Fair Game (2010)

Fair Game is Doug Liman‘s newest movie, based on the story of Valerie Plame and Joe Wilson, starring Naomi Watts and Sean Penn.

Valerie Plame (Naomi Watts) is a CIA operative, working on Weapons of Mass Destruction and the Middle East at the beginning of the Iraq war. Even though her department is adamant about there not being any WMDs in Iraq, it’s their information that gets cited for the reasons of the Iraq war. When Valerie’s husband Joe (Sean Penn), a former ambassador, speaks up, suddenly Valerie’s cover is blown and she finds herself caught between a rock and a hard place.

Fair Game has excellent actors, a mediocre script and abysmal directing. That makes for a watchable, but also missable movie. The politics are interesting, but I didn’t feel like we got to hear something new. Maybe I’m too much of a cynic to be impressed by the utter assholery of the American government.

There’s nobody who does righteous anger like Sean Penn does righteous anger. [And I now understand that deadra says politically ranting men are sexy…] And he is in highest form in this film, almost eclipsing Naomi Watts’ more quiet performance. But only almost. The two of them make for an excellent show.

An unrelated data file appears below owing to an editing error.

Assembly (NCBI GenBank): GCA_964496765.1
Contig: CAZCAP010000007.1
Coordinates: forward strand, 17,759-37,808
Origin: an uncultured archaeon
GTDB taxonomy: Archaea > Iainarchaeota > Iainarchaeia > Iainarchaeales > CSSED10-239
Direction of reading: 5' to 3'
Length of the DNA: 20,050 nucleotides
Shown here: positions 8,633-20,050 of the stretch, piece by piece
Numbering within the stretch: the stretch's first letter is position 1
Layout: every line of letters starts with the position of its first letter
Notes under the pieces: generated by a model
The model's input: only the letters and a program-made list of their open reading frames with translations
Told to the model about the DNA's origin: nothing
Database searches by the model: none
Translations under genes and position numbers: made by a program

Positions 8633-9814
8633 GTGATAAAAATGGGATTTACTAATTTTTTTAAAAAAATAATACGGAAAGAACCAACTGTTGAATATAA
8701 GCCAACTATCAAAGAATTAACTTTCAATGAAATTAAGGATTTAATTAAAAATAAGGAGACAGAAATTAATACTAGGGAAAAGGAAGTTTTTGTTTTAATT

That makes it especially sad to see that the rest of the film isn’t able to keep up with them. The script – by Jez Butterworth and John-Henry Butterworth – meanders it’s way through the story, with some very nice moments (especially when it focusses on the Plame-Wilson marriage), but mostly it’s filled with too much pathos.

But it was Doug Liman who did the most disservice to the movie. His direction was unfocussed AND SOMEBODY GIVE THAT MAN A TRIPOD, STAT! Hand camera will probably be the death of film in general. [And it’s all Blair Witch Project’s fault.] But it was definitely a problem here. I understand that they were going for gritty realism but if you don’t have to, why do you make me and my inner ear that unhappy? [I have never, ever heard anybody say “handheld camera is so great, I just love to watch it!” You tolerate it in movies like Blair Witch Project and Cloverfield because it’s a fucking gimmick and it fits the story. You tolerate it in actual documentaries because they’re hard to do otherwise. But nobody actually wants it.]

Uhm, yeah. Got a little off track there. Sorry. It’s a pet peeve. Like fight scenes which are cut so quickly you don’t know anymore who’s hitting who.

But there’s not much more to say about the film. Naomi Watts and Sean Penn are wonderful and the story is worth being told. The actual execution is rather unfortunate though.

Summarising: Oh well. Watch it if you must. But you can definitely wait for the DVD.

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